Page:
While findings may be a normal part of an audit or examination, that doesn't make them any less daunting to navigate. Sometimes findings catch us off-guard. To quote one of my colleagues, "findings can be unclear, unusual, unreasonable, or even urgent." So, when you get a finding, how can you respond most effectively? Here are six tips.
1. Don't take it personally.
In most scenarios, a finding is not a personal reflection on you. While it may be if it has your name in it, statistically speaking, more often than not, a finding is just a finding.
Auditors and examiners write findings every day. Their audits are usually guided by work programs, and findings are based on things, such as laws, regulations, guidance, standards, or best practices. They write findings from their experience in the industry, as well as current technology or trends.
While I can't speak for every auditing firm in the world, in my experience, auditors have your best interests at heart. They aren't writing findings as "gotchas" or to make you look bad.
Findings exist to help make you and your business better.
2. Get curious.
Make sure you know what the finding means before you start trying to address it.
Sometimes, an audit or exam finding may say something as simple as, "[ABC] should be improved." In these situations, it can be incredibly helpful to get curious and dig a little deeper.
This can look like:
- Asking questions. "Why does [ABC] need improved?" or "What does 'improved' mean to you?"
- Reviewing available regulations and guidance on the topic.
- Asking your auditor or examiner for clarification or for the guidance or standard the finding is based on.
- Digging into the finding to locate the root cause.
For example, let's say you received a finding that says, "Security awareness training should be improved." If you were responding to this finding, the first thing you'd want to understand is: What caused the auditor to think the training was deficient? Maybe it was due to an inordinate number of clicked phishing links, or maybe it was because several employees had inadequate password security. Who knows? With a finding like this, it could be anything.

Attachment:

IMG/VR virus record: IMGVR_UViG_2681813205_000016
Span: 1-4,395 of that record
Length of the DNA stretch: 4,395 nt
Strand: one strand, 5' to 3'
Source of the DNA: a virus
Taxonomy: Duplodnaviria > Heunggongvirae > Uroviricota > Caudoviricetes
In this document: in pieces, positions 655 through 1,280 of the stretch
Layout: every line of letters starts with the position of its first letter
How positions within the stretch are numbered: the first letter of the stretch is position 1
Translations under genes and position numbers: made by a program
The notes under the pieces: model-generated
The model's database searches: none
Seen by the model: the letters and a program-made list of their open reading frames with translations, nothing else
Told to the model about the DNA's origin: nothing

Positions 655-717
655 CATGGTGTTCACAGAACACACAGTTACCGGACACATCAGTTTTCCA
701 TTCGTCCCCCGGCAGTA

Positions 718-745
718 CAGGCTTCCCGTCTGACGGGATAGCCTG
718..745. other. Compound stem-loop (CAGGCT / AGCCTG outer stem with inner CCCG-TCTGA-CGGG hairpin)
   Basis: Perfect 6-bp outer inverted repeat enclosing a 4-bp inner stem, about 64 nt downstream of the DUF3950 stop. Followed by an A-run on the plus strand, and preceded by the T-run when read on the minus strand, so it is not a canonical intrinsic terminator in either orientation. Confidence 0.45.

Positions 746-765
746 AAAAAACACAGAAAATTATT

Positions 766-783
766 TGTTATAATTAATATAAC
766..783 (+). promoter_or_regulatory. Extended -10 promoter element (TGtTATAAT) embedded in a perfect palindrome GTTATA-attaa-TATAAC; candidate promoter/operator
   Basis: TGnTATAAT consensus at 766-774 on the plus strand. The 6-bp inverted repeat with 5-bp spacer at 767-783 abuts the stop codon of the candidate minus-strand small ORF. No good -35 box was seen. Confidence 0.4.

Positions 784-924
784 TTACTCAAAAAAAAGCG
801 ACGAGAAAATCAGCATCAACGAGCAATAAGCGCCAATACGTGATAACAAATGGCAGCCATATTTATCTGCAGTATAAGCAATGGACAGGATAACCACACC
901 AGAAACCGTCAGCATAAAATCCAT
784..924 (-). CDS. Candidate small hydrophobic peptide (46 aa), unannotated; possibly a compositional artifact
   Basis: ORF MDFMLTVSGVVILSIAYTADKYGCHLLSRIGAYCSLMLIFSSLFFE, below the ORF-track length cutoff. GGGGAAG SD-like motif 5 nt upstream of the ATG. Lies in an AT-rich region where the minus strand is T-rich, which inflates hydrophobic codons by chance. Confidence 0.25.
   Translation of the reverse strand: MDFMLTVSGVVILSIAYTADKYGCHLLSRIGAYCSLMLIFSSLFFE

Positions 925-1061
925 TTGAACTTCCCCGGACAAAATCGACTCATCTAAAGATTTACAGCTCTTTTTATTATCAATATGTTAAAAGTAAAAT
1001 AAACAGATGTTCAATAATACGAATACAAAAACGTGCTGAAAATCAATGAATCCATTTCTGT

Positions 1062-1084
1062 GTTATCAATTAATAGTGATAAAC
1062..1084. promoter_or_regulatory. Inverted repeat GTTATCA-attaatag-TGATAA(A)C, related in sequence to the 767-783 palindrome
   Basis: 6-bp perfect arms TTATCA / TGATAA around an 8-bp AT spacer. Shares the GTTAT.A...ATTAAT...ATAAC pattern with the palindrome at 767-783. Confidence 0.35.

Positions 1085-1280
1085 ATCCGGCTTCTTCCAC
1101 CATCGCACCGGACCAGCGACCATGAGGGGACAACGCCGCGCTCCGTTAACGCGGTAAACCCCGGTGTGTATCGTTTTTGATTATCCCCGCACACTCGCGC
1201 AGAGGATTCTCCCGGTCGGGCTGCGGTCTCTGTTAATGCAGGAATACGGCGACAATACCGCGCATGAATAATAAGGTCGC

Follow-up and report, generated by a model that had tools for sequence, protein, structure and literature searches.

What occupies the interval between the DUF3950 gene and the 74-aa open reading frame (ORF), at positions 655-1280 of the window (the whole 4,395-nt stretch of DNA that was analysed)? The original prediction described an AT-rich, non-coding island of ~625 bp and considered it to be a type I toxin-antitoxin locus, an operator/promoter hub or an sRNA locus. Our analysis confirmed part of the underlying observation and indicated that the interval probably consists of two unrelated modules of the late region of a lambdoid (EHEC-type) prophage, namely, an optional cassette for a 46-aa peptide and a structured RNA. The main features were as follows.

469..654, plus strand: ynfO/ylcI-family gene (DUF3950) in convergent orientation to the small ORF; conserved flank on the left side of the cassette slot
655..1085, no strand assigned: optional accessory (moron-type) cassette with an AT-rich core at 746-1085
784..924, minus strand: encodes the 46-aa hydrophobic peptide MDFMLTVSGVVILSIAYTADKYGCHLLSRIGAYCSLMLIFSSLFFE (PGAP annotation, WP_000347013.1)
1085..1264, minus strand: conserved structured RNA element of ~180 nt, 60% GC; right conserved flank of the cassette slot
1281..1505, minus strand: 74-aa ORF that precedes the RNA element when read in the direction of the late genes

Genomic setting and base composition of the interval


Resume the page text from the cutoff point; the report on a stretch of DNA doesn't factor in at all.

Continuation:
In short, you cannot adequately address a finding if you do not understand it.
3. Communicate clearly.
When you get a finding, keep lines of communication open and constructive. This includes communications with:
- The auditor. Do you understand the deficiency clearly? If not, is there additional information you need to provide to or receive from the auditor?
- Responsible parties. Has a person or team been identified as responsible for responding to the finding? If so, do they have access to the resources needed to complete the response process?
- Other personnel. Do any other personnel need to be made aware of the issue? Could the finding be an indicator of an incident? Could the finding have an impact on business goals or strategic objectives?
- Senior management & the Board of Directors. Does the finding's significance warrant escalation to senior management or the Board, or can it be included in regularly scheduled updates?
Continuing with our example, let's say you got to the root cause and the auditor's password scanner cracked upwards of 75% of the organization's user passwords. If this happened, you'd want to make sure you brought in the person responsible for password policy and training, maybe an internal auditor, and possibly a security technician to look for indicators of unauthorized access due to weak password use over the last year.